It could be a boost to the BRI to get some elements on the global transportation map under the control of Chinese companies. There could become a need to sell or privatize certain parts of the infrastructure and there comes a question of who's going to buy it? In this case, it will be China first and, sometimes, the only potential candidate.

Wade Shepard, author of On the New Silk Road

The coronavirus pandemic and its subsequent fallout will not change the fact that the development that comes via the Belt and Road is wanted and, in some cases, needed in the markets it touches. The infrastructure-funding gap in Asia and Africa is not going to go away because of a virus. While demand may lessen in the short-term, one of the main ways that countries stimulate their economies is through infrastructure development — as we’ve seen in China in the wake of multiple economic downturns. So the pandemic may actually become a boon for the Silk Road.

Even before the pandemic, the countries of Asia were not jumping up and down to become Chinese vassel states. Many pivoted to China because few other options were available to pursue the development paths that they desired. As Chris pointed out above, by going through China countries with lower credit ratings can get cheaper loans for their infrastructure projects. If we look at a rundown of major BRI endeavors to date, we will find that many of them were the result of national governments approaching China looking for support for their pet projects rather than Beijing coming in and imposing their own plans. So even though Beijing’s global image is taking a big hit due to the pandemic, this won’t change the fact that China is the only game in town for many countries.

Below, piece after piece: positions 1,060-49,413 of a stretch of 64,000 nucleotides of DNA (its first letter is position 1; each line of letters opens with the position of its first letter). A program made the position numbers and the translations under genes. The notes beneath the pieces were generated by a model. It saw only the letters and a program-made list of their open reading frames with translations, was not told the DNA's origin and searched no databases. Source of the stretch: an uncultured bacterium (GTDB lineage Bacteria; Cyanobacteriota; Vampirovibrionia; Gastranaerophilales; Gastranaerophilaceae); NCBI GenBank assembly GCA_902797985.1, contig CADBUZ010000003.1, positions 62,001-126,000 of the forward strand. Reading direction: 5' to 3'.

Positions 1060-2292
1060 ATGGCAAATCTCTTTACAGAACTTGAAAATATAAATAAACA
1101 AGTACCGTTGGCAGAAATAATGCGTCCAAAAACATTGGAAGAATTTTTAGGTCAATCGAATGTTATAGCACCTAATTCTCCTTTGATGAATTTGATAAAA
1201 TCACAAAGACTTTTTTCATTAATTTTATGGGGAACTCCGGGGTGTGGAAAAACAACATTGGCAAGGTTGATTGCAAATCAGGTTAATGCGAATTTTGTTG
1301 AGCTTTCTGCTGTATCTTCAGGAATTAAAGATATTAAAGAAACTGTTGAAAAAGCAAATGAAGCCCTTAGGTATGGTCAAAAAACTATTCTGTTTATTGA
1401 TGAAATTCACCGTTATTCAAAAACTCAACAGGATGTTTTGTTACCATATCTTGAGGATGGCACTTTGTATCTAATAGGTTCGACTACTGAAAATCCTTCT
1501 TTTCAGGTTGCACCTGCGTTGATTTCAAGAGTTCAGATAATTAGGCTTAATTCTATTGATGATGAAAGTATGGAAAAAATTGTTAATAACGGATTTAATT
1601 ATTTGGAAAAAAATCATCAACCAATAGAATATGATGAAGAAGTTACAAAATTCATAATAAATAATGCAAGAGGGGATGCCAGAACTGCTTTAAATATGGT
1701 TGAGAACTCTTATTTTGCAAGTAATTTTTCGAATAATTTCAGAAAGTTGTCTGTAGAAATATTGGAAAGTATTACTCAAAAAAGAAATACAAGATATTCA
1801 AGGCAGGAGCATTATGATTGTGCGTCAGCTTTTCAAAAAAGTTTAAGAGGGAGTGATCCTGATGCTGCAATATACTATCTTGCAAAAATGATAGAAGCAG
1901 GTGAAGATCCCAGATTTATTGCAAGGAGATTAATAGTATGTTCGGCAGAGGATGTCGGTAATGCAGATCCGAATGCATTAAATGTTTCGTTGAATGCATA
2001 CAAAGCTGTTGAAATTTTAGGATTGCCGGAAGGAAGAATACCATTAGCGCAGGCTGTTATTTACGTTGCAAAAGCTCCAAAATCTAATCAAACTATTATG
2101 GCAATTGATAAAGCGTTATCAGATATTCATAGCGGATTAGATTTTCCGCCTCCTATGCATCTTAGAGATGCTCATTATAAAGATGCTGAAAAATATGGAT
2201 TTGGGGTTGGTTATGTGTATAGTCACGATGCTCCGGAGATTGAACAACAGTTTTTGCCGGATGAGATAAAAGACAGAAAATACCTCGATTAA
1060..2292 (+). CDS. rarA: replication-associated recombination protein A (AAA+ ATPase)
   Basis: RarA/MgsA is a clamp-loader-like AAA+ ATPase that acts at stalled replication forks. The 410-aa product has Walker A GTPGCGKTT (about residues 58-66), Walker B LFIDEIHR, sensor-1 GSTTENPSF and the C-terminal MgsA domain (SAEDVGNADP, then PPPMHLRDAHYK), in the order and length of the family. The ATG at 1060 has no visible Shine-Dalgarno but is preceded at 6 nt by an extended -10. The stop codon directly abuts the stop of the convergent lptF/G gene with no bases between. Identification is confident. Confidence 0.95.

However, in the short-term, we should probably expect many countries to try to restructure their loans and other financial obligations to China, which, I imagine, China will attempt to spin into a positive by offering more funding for new projects. We can’t lose sight of the fact that China’s objectives and the objectives of many countries along the BRI will remain one and the same, and keeping construction firms operating, laborers working, and markets emerging will be way more important than any diplomatic squabble. If anything, as David pointed out above, as economies around the world embark on pandemic recovery initiatives China is going to become more needed than ever. The BRI isn’t going anywhere. In fact, it will probably come out of this mess stronger than it was before.

What’s your take? Let us know in the comments below.